Naturally, each man soon finds himself knee-deep in debt, forcing them to take a job that may be a bit too cruel for even them. You see, for a substantial sum of money, Thongs, Octopus, and Landlord must kidnap a baby for a ruthless Triad boss who believes this child could be his dead son's offspring. While attempting to flee with the child, Landlord is snatched by police and thrown into the proverbial slammer. This leaves Thongs and Octopus in charge of the baby, an assignment that includes nursing, bathing, feeding, and battling the Triad goons who want the baby for their boss. Will these podunk thieves realize that life is worth more than money, or will they cave to the enormous sum offered in exchange for that adorable little moppet?
If you're not a fan of babies, then Rob-B-Hood might be a title to avoid. Why? Well, there are a TON of oh-so cute moments involving said child, most of them borrowed from other like-minded cinematic endeavors over the span of, oh, film history. There are a number humorous moments involving soiled diapers, male nipples, baby formulas -- in other words, a plethora of screwball antics that seem to have been inspired by any number of 1950's family comedies. Before you shake your head and declare Jackie an over-the-hill pansy, I should mention that the man's patented brand of kinetic stuntwork is still in full swing.
In fact, a number of these scenes involve the baby itself, though their execution leaves much to be desired. When the child is, say, dangling from such great heights, you can tell he's digitally inserted into the scene. And when the baby falls from, say, SUCH GREAT HEIGHTS, it's clearly a dummy. Do these wonky effects detract from the tension? Not really. Then again, I wasn't expecting them to toss around a real baby. One sequence involving Jackie, the baby, and an amusement park ride is particularly intense, and while I could easily tell that we're not dealing with a real baby during this scene, it didn't stop me from biting my nails to the bone. Kudos to director Benny Chan, whose recent features have been a marked improvement over such rubbish as Heroic Duo and Gen-X Cops. Is this guy the future of Hong Kong cinema? Probably not, but he certainly does an admirable job here.
Now I'm sure you're wondering, "Does Jackie get to beat up anyone during this film? If not, I'm not gonna watch it!" Well, there ARE a handful of well-executed fights, mind you, but you'll have to wade through some VERY heavy-handed moments in order to find them. Like The Myth and New Police Story, Chan's desire to wallow in melodrama is alive and well. While he's not exactly the worst actor you've ever seen, he's certainly not the best, causing his more sincere scenes to fall flat. The film's conclusion is probably the worst offender, sinking so deep into this sappy swamp that you may find yourself reaching for the STOP button on your DVD player.
Because of these questionable bits of tear-jerking nonsense, the film is a bit overlong by about twenty minutes or so. I've found this to be a problem with most of his Hong Kong releases, especially Miracles. God help me, I actually prefer those abysmal American edits to this stuff. While I applaud the guy for trying something different, I can't say that his experiments are a smashing success. Shave a chunk of Rob-B-Hood's weaker moments off and you might actually have a snazzy little family film. It's still a good movie as it stands, of course, but it could be stronger.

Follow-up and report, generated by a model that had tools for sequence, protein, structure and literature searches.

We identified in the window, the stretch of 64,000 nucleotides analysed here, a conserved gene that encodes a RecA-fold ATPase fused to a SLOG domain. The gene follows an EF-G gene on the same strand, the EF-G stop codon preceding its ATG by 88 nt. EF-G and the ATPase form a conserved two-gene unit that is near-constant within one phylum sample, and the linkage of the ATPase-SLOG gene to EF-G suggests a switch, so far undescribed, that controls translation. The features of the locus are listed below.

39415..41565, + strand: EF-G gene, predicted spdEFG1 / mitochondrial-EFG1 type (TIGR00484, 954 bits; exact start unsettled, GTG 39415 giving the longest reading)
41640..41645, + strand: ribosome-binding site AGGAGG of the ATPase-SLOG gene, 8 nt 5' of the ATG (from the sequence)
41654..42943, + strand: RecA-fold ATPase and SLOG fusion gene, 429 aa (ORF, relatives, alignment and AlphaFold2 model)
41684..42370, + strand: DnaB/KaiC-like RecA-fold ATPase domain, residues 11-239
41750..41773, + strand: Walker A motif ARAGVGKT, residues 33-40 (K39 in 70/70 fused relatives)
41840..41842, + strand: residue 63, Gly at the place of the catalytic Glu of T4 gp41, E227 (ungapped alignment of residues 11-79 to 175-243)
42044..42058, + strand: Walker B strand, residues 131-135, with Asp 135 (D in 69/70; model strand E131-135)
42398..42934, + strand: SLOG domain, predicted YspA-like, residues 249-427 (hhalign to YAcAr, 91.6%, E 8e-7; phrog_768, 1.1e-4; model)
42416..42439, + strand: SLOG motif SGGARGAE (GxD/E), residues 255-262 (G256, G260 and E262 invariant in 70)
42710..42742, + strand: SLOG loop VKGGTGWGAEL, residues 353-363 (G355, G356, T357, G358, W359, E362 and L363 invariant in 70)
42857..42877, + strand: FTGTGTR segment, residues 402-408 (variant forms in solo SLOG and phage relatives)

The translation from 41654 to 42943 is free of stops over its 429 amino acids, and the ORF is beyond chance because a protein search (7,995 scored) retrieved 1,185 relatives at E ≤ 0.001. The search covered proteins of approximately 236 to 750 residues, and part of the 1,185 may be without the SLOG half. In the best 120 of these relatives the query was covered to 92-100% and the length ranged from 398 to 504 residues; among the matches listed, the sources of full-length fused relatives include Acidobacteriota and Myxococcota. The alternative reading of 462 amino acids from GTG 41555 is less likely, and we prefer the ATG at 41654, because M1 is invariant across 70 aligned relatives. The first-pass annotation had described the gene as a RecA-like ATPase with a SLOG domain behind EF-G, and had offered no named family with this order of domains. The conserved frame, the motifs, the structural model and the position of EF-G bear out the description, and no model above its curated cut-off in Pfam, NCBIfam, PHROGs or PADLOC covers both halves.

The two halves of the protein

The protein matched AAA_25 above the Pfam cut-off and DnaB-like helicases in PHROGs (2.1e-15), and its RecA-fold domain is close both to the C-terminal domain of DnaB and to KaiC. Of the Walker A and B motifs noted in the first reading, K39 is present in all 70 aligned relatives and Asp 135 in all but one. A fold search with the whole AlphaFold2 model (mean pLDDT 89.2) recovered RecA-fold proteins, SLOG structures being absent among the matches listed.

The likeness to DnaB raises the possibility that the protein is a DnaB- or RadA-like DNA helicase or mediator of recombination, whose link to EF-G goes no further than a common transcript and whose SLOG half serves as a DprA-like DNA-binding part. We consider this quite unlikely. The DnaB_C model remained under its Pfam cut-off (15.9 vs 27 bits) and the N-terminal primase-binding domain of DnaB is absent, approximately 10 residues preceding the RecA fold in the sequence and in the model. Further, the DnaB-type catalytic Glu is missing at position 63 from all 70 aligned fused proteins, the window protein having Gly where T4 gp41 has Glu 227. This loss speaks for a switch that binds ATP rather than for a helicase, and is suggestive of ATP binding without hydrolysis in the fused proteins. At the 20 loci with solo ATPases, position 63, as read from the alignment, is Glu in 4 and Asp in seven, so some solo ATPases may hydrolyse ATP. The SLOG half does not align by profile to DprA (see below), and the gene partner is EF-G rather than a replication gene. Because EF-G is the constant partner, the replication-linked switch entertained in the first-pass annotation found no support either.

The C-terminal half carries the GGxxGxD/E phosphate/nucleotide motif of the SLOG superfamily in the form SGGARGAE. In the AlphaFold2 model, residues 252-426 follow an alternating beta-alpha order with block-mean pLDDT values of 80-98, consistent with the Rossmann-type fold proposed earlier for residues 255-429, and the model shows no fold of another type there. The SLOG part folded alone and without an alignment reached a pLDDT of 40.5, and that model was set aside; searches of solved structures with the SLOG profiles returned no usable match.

On the performance front, everyone is fine and dandy and as sweet as candy. Jackie's turn as Thongs is decent, though he's immediately overshadowed by the presence of Louis Koo (Election 1 & 2) and veteran Hong Kong actor Michael Hui. Thankfully, all three have great chemistry, leaving no doubt in the viewer that these three bumbling idiots could possibly be somewhat decent at their chosen profession. The rest of the cast is fitting though not exactly striking. Thong's love interest is a cute little number, but she's very forgettable and does nothing to really advance the plot. A pretty female face to break up the boy's club, nothing more.
Finally, Chan's Stunt Team is also spot-on. They're given a bit more screen time a few more lines of dialogue than usual, and each turns in a suitably goofy performance. These guys and gals are top notch. Without them, I don't think Jackie's flicks would be nearly as entertaining as they are. Because behind every great action hero is a team of highly-trained professionals who know how to take a beating and make it look good. So to speak.
Rob-B-Hood is solid entertainment, the kind you've come to expect from the likes of Mr. Jackie Chan. The involvement of a baby isn't quite as groan-inducing as I was expecting, which is certainly a good thing. American movies involving small children often pander to the lowest common denominator, resulting in a film that works better as a pacifier than an actual motion picture.
Thankfully, Rob-B-Hood doesn't skimp on the action or the suspense. And instead of using the baby as a way to amp up the cute factor, it's used as an actual plot device. Imagine that! Of course, this film isn't Chan's best effort, nor is it something your everyday action fan will embrace with open arms. Wading through the melodrama can be a pain in the posterior from time-to-time, but I think it's well worth the investment. Packed with enough stunts and action to satisfy this Chan fanatic, Rob-B-Hood is an innocently entertaining way to blow two hours of your life. Will it be something you'll want to watch again and again? Eh, probably not. But it's certainly something you'll want to see at least once.
Though you may never eat a chili dog with mustard again.